Yet again, Gold and arranger Ben Foster (whose contributions to the orchestration should not be underestimated) have come up with a Who album that is stupendously exciting, sad, eerie, hopeful, epic, intimate and plenty more besides. Any film music fan not thrilled by Songs of Captivity and Freedom or A Dazzling End needs some serious head examination. I know I seem to hit new levels of apparent hyperbole with every new Doctor Who album (and I do love the show, easily surpassing current American sci-fi, although I've not seen the new Battlestar Galactica), but compared to so much lame film music that's about these days, this is dazzling stuff. Tuneful, imaginative, passionate and, above all, memorable. I wonder if Gold would even get a job in Hollywood, so slack has its standards for film music become. By rights, Gold should be doing something top rate films such as Iron Man or The Dark Knight and their respective composers should be slumming it on some third rate sci-fi show, but fortunately for us, Gold is as first rate as the show he writes for. Add to that the rousing performance by the BBC Orchestra of Wales and the Crouch End Festival Chorus and it's another winner. Buy without delay.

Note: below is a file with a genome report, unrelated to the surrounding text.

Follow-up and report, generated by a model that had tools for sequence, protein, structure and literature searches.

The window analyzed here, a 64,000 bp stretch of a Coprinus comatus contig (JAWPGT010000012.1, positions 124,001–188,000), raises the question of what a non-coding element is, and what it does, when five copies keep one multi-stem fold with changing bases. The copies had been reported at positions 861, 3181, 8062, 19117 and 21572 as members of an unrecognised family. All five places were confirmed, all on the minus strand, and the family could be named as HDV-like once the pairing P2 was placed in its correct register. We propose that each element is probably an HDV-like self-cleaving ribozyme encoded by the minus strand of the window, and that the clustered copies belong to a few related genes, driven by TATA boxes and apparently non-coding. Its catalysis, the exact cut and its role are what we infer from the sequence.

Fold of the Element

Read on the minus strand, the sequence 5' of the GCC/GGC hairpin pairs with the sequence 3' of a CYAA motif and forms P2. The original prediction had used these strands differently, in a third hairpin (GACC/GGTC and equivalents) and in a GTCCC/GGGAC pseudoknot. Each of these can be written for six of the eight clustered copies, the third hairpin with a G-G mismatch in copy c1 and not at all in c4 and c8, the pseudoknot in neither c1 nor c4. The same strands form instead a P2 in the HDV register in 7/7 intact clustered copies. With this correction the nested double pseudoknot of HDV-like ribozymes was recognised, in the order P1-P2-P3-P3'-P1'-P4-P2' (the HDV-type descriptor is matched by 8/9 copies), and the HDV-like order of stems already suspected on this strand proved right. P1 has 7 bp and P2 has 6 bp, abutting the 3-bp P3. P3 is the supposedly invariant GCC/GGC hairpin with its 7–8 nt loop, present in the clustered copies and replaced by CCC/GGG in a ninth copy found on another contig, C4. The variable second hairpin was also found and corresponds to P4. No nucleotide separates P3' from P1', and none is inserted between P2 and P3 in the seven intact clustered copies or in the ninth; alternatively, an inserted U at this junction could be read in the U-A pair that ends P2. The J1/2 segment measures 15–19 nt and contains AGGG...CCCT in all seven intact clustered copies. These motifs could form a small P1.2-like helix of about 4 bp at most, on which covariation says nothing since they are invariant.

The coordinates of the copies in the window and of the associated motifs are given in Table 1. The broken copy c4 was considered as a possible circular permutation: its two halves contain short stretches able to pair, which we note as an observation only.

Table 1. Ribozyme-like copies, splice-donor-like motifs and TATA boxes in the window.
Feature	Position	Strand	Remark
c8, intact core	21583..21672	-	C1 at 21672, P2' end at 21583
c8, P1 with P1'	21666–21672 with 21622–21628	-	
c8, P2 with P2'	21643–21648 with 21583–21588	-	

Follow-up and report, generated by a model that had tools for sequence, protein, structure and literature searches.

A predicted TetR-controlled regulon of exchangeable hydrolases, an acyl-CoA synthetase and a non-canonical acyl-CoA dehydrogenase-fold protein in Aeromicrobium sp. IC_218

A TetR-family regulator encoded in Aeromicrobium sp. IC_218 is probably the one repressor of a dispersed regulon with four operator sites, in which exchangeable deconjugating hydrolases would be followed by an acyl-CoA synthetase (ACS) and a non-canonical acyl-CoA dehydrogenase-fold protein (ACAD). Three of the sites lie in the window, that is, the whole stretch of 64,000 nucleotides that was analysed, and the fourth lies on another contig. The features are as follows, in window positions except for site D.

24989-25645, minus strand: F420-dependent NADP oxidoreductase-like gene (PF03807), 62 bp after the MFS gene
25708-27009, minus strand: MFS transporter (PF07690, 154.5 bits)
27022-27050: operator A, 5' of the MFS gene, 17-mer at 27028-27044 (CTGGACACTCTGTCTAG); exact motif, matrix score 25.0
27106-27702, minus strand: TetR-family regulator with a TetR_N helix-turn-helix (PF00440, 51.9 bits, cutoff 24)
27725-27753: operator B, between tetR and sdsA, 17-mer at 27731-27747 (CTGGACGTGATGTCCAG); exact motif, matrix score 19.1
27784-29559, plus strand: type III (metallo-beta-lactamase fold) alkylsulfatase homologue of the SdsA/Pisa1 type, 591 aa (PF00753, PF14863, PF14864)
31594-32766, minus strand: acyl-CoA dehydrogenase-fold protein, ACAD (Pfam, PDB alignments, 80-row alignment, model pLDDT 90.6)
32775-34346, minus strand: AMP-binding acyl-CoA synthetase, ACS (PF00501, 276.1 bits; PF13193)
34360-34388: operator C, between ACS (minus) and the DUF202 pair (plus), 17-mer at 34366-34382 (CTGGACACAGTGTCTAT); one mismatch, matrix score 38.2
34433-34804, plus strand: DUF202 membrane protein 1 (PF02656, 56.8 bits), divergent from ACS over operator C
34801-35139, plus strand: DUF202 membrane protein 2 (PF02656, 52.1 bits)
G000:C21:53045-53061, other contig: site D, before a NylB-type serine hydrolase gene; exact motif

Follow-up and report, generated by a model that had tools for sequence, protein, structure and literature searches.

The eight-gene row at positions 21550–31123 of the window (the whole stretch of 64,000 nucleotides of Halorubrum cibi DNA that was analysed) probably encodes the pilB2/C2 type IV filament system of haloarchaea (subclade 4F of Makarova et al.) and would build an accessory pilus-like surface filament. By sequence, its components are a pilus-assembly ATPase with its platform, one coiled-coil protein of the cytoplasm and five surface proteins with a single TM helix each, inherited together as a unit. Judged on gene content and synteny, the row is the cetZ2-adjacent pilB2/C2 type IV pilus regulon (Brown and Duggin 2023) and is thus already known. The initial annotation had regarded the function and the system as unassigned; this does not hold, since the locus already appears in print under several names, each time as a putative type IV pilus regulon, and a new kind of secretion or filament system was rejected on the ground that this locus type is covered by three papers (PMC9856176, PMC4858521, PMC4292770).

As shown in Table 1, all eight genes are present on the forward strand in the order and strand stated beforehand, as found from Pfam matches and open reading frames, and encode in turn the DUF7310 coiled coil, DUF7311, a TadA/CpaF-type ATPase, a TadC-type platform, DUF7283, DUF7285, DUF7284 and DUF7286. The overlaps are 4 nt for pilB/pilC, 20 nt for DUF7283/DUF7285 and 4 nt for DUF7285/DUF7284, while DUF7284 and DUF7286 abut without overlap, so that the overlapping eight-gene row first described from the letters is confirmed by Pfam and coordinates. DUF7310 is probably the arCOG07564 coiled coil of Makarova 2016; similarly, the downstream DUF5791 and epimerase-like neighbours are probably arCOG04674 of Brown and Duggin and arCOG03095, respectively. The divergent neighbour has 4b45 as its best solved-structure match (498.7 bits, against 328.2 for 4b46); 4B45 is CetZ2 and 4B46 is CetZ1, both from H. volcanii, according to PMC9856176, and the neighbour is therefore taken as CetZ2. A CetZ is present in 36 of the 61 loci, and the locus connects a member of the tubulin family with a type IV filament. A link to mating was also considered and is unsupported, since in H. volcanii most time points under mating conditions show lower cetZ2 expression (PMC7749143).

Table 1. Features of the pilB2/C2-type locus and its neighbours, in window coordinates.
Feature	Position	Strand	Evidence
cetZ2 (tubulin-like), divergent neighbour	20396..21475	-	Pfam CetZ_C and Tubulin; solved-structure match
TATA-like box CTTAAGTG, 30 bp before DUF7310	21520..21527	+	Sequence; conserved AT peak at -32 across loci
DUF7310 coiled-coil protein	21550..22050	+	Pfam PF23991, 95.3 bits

Composer Murray Gold just gets better and better each time I hear his compositions, the first two Dr Who CD soundtracks were excellent and this the latest addition to the Silva screen catalogue is no exception, in fact I would go as far as to say it is a more polished and accomplished sound that the composer has realised overall. The Compact disc begins with Gold,s arrangement of Ron Grainers iconic theme for Dr Who, Gold infusing an almost urgent, expectant and fearful energy into Grainer,s original composition that is the opening for each episode of the series, this familiar sounding theme paths the way for a rollercoaster ride of excitement, danger and high emotions and in this case some original and haunting musical cues. I don’t know what it is about this composers work on this series, but it just seems right, correct and quite perfect in almost every way! Now I sound like Mary Poppins ! Track 2 is for the character portrayed by actress/comic Catherine Tate who just like Gold’s music fitted into the series like a glove, A NOBLE GIRL ABOUT TOWN has a cheeky sound to it, which is as hair brained in its style as the Donna Noble character is. Track 3, LIFE AMONG THE DISTANT STARS is a poignant and quite tender piece which was used to underline the character of Donnas Grandfather, who was an amateur stargazer. It is a heartrending cue, that begins with touching slow adagio like strings which accompany light use of piano until after a gradual build it eventually reaches an emotional climax where the composer utilises swelling strings bolstered by shimmering percussion enhanced by brass. Track 4 CORRIDORS AND FIRE ESCAPES, it is here we get our first real taste of Murray Gold in full swing and in action mode, this is a powerful and driving composition that accompanied the Dr and companion in various chases and escapes. Murray Gold’s notes in the CD refer to the music as breathless, I would add to that breathtaking, unrelenting and high octane. There is so much music on this CD it is a real fest for lovers of quality film and TV music, and we have to remember this is a TV score and not from a motion picture, not that nowadays this makes a difference, years ago I remember there was a certain amount of snobbery amongst collectors of film music regarding TV scores, I always thought that if the music was good did it really matter if it came from a movie a TV series or a stage play, if the score was good then hang it all buy it. I would have to say that this is probably the strongest out of the three CDS that are so far available in the Dr Who series, all the selections on this disc are taken from series 4, which again is probably the most interesting in the series of four. The composers ability to produce mesmerising and enthralling compositions that match the action on screen and also stand alone as entertaining and captivating works is at times unbelievable, Gold jumps from hard hitting action cues to full blown lush compositions complete with heavenly choir and pulsating strings embellished with dazzling brass and also solo voice in places with consummate ease. There is no doubt that Murray Gold is a force to be reckoned with, and I am waiting with baited breath for his first large scale score for a major motion picture, surely this has to come very soon, to be honest listening to some of his upbeat action cues within the Dr Who scores he would not be out of place working on a Bond movie, his music has a sound and style to it which at times evokes John Barry’s more bombastic work for the 007 films, hard hitting exhilarating full on power scoring. Two particular stand out tracks on this CD are the mournful but melodic SONGS OF CAPTIVITY AND FREEDOM (track 6) which possesses a style akin more to Morricone, where the composer creates an attractive yet sad sounding tone poem utilising solo violin and male soprano Mark Chambers. Then there is the impressive and accomplished suite from THE VOYAGE OF THE DAMNED, which I know will be listened to over and over again, as it is an infectious and powerful collection of that episodes many themes condensed into an entertaining 11 minute suite. I cannot recommend this CD highly enough, if you do not purchase this you will be sorely disappointed.